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Programmatically quantifying location

I’m building a living world game, and I’m working on giving NPCs the illusion of agenda: it should look to the player as if they’re moving around the world pursuing their own goals and lives, but obviously nothing is actually happening to an NPC unless the player actually comes near them, at which point they spawn and make like they’ve been there all along.

It seems like the only data I need to keep track of at all times are a reference to each NPC, that NPC’s state (at work, taking a nap), and that NPC’s location.

The first two are trivial, but I’m really debating with myself over how to quantify location, as nothing else in my game specifically needs this. Since AI logic centers around finding and using interactable objects like in The Sims, the best idea I’ve had is to child every interactable Actor in a room to some master objectManager Actor, whose only job is to retain a reference to the interactables childed to it. When the game starts my master AI controller can generate a list of every objectManager in the game, and whenever the chunk an objectManager is in loads, that manager queries the master controller for references to every NPC currently using objects it manages, and spawns those NPCs appropriately.

This sounds okay, but a little shaky: is there a design pattern I’m missing here that would be a better fit for the task of tracking and spawning/despawning NPCs in a large world?

How about liberally using spawnpoints in your levels. Then you only have to decide which spawnpoint is the best location to spawn a character at any given moment. So if you’re character is a shopkeeper and is currently working, spawn him behind the counter of his shop.

That’s another pretty decent option I’ve considered, what’s making me wary about it is that spawnpoints require manual configuration, doubly so if they’re going to contain specific information about where or what they are, and since my world is going to pretty large I’m trying to minimize the amount of manual configuration necessary.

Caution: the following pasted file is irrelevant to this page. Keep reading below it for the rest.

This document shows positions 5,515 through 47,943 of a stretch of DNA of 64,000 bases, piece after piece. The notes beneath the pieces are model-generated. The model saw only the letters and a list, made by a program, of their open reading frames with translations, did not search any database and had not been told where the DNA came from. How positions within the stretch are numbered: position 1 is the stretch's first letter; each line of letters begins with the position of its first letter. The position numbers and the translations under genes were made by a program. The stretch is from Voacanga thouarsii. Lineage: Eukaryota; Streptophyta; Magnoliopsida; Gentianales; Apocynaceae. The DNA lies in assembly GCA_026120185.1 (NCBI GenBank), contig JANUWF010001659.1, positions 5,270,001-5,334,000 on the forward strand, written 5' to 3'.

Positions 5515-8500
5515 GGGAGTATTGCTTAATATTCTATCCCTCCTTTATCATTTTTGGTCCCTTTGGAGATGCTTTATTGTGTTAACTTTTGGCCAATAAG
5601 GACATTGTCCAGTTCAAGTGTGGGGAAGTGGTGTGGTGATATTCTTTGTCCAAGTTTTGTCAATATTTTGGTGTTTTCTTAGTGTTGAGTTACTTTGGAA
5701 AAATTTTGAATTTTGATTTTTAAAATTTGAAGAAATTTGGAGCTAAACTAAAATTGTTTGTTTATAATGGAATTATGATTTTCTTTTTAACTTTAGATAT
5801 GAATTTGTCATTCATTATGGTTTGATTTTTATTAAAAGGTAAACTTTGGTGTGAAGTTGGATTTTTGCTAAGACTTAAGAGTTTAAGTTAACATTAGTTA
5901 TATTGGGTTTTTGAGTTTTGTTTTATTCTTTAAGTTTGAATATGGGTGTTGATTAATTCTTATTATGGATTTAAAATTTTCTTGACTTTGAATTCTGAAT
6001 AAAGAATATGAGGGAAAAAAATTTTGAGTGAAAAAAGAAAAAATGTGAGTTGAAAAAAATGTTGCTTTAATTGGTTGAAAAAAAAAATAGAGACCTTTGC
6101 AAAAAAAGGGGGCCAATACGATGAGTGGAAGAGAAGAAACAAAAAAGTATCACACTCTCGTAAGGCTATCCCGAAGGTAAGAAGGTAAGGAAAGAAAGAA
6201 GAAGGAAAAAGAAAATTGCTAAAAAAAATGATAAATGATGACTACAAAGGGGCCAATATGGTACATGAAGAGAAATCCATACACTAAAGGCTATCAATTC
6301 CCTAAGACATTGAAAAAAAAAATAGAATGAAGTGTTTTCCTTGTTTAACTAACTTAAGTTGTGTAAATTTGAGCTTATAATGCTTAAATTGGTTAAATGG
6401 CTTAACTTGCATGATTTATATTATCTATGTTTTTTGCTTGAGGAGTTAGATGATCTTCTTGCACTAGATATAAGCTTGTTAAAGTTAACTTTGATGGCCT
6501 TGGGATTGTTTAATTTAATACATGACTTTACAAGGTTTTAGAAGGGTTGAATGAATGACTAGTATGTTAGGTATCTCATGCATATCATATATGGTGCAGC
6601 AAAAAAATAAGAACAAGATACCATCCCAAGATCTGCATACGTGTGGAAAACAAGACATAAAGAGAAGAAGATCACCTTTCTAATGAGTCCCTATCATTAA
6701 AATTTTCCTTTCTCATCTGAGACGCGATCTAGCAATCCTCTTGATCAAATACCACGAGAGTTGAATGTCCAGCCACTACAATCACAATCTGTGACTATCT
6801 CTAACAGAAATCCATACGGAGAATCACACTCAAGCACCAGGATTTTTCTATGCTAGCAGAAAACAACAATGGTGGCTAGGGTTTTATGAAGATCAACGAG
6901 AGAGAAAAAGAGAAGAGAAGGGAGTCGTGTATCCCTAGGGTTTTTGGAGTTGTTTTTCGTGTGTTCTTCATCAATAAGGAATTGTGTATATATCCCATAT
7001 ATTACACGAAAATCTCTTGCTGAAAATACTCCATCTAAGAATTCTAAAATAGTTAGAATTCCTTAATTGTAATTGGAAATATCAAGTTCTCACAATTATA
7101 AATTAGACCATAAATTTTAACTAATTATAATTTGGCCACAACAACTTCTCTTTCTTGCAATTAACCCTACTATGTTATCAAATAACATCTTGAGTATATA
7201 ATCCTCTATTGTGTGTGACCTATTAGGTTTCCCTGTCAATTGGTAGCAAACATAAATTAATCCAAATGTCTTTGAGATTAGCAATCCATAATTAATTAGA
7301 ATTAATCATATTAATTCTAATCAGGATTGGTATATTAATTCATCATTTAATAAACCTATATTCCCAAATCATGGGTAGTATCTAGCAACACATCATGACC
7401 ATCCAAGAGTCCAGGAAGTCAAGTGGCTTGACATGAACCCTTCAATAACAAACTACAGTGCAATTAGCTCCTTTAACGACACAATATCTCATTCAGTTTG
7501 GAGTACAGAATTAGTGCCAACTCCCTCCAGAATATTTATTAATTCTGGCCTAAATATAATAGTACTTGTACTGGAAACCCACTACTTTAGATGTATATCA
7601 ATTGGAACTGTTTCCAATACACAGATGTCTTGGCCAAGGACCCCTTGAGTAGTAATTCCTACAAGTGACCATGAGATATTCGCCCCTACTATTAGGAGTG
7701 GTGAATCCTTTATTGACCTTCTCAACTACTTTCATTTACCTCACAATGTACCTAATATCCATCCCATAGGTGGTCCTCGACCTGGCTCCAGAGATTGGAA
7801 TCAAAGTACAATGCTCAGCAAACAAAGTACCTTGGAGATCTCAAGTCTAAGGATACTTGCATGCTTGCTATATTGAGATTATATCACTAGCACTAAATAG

You could store the information in a data table and then link the spawnpoint to the entry in the table with an id. So you won’t have to touch the spawnpoints themselves once they are placed.

Assuming that hardcoding locations ends up being the best option, how would you recommend letting each NPC figure out what constitutes character-specific locations like Home and Workplace? The most straightforward approach I can think of would be to give each character’s data class references to homeSpawner and workSpawner, but there are going to be thousands of NPCs and the NPC data file is probably going to be the most frequently moved and copied component of the entire AI system, so I’m trying to keep the amount of data it actually stores to as little as possible.

Information has to be stored somewhere. A data table or database would be my choice. If you want to reduce the data stored, you’ll have to put your NPCs in groups, that share behaviour. Have a look at Assassin’s Creed. There are hundreds of NPCs on the streets, but most of them just run in circles. There’s no need to have more complex behaviour for pedestrians, as very few players will take the time to stalk them (except me :)). In the end you can concentrate on the few NPCs the player will actually interact with.
Since you’re only interested in the illusion of purpose, you don’t have to overcomplicate things.

Alright, thank you very much for the elaboration- I really appreciate the feedback :slight_smile: